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Meet Adobe Premiere Pro, and learn the skills necessary to professionally edit video. Abba Shapiro first introduces a "fast track" approach to Premiere that shows the entire import to output process in eight quick steps—ideal as an overview for new editors and a preview of the new features in CC that experienced users will want to see right off the bat. Then transition to the expanded workflow that begins with importing media, creating a basic rough edit, and then refining the cut with music and sound effects, transitions, visual effects, and titles. The course also includes information on exporting and archiving projects, as well as advice for becoming more efficient in Premiere with actions, keyboard shortcuts, and other workflow enhancing tricks.
By this point you should have a pretty good handle on bringing clips into your timeline and how to trim them and kind of get them where you want them to be. I want to step back and actually talk to you about how you can take more control over your timeline. The first thing I'm going to do is enlarge my timeline by hitting the tilde key. And showing you some of the basics that you'll need to know. The primary thing is the plus and the minus keys to zoom in and zoom out. Now, if you're on a laptop, no problem. If you're on a computer with an extended keyboard, you're not using the plus and minus keys that are on the numerical keypad.
You're using the ones that are above the letters. So, you might also see instead of plus and minus, it could be the equal sign and minus. But my eyes always go to the fact that there's a little plus symbol. Every time I hit the plus, I will zoom in. Every time I hit the minus, I will zoom out. And if you press the backslash key that's directly under the Delete key on a Macintosh. And it's called the Backspace key on a Windows machine. Now, what that key will do, it will zoom your timeline in or out to show everything on the timeline all at once. It's great for getting your bearings, or sometimes if you've thrown a clip off to the end of the timeline to use later, you can find it because it might be about 45 minutes downstream.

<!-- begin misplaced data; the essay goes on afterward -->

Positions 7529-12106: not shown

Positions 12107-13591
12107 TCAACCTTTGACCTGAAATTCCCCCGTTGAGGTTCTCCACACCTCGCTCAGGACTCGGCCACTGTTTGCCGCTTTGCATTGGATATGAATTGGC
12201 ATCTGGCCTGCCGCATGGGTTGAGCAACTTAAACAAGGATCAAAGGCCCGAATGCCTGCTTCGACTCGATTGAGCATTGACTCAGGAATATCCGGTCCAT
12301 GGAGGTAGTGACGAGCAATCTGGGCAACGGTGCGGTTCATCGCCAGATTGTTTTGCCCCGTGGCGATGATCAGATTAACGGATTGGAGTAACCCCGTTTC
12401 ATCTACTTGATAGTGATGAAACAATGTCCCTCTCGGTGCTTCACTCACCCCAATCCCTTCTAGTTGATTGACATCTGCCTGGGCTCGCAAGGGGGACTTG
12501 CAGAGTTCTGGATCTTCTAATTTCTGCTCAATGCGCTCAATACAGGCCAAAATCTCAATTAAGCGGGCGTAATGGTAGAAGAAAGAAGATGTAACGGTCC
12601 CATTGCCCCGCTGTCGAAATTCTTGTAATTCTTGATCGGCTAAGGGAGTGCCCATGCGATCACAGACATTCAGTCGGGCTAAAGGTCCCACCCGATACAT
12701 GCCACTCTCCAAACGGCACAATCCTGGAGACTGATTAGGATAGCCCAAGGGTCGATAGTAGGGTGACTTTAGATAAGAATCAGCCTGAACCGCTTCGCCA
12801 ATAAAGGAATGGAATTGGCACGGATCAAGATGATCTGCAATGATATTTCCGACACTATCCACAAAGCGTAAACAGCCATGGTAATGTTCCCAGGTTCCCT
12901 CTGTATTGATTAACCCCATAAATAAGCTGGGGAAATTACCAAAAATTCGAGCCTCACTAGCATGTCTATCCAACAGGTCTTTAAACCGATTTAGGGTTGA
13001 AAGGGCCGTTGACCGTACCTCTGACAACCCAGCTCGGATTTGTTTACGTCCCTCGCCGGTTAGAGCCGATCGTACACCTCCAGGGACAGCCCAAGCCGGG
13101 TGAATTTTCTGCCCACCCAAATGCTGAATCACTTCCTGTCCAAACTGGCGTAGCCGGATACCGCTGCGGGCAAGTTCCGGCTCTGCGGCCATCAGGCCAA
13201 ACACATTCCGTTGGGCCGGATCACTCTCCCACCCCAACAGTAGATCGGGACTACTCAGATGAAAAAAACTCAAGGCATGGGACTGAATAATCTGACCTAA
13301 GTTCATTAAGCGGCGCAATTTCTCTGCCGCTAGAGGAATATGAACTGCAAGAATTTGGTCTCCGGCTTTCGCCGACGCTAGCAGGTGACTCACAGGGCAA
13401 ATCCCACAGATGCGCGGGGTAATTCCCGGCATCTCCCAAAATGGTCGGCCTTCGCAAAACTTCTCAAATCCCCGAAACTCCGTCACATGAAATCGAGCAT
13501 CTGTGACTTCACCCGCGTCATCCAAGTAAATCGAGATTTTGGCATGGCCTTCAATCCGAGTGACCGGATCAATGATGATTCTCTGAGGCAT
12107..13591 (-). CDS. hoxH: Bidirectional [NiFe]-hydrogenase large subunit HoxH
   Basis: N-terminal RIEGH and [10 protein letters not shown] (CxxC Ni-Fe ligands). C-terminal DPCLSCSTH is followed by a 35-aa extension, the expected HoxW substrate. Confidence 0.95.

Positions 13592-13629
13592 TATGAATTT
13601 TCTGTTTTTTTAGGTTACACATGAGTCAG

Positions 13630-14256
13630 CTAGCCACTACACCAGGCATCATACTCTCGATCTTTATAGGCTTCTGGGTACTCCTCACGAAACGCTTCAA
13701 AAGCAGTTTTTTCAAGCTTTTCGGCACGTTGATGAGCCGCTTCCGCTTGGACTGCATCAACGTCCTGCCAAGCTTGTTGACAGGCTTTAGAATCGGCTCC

And you don't even know that it's there. So, I use these a lot and I just want you to practice that, the plus and the minus. Additionally, you may want to change the height of the tracks and this is actually very cool. If I want to see more detail, I can simply go over to either the audio or video track and using the scroll wheel on my mouse. Simply make the track taller or shorter. Now, if I reduce its height enough I don't see any of those details such as wave forms and picture icons. Let me zoom in a little bit closer so you can really see what happens when I start stretching out the height with my scroll wheel.
At first, I start seeing my audio wave forms. If I keep scrolling, you'll notice that over here, in this section to the left, you can see some additional detail. Such as, the name of the track which can be changed from audio one, to say narrator, or the person speaking. As well as additional controls for key framing and controlling what audio tracks you see. On the video side, if I scroll up, I can see poster frame of the first image in that clip.
And that allows me to quickly know what shot is what without having to look at the name. But you'll also notice that when I scroll up, it does give me the name of the clip that I'm using. Now, if you hold down the Shift key when scrolling on the video, you'll notice that I can increase the height of all my video tracks at the same time. And, of course, I can do the same thing with my audio tracks. So, this is a very efficient way to be able to see More detail in your timeline. To navigate between clips, you can use the up and down arrow key on your keyboard, and the up key will jump you backwards to your previous edit, and the down key will jump you forwards to the following edits.
If you want to go all the way to the beginning of your timeline, you can press the home button if you have a full keyboard. And if you're working on a laptop just press the Function key or the fn button and the left arrow and that will take you home or to the beginning of your show. And to go to the end of your show on a full keyboard it's the End key and on a laptop it would be the Function key and right arrow. Now, let's press tilde and return to our traditional interface.
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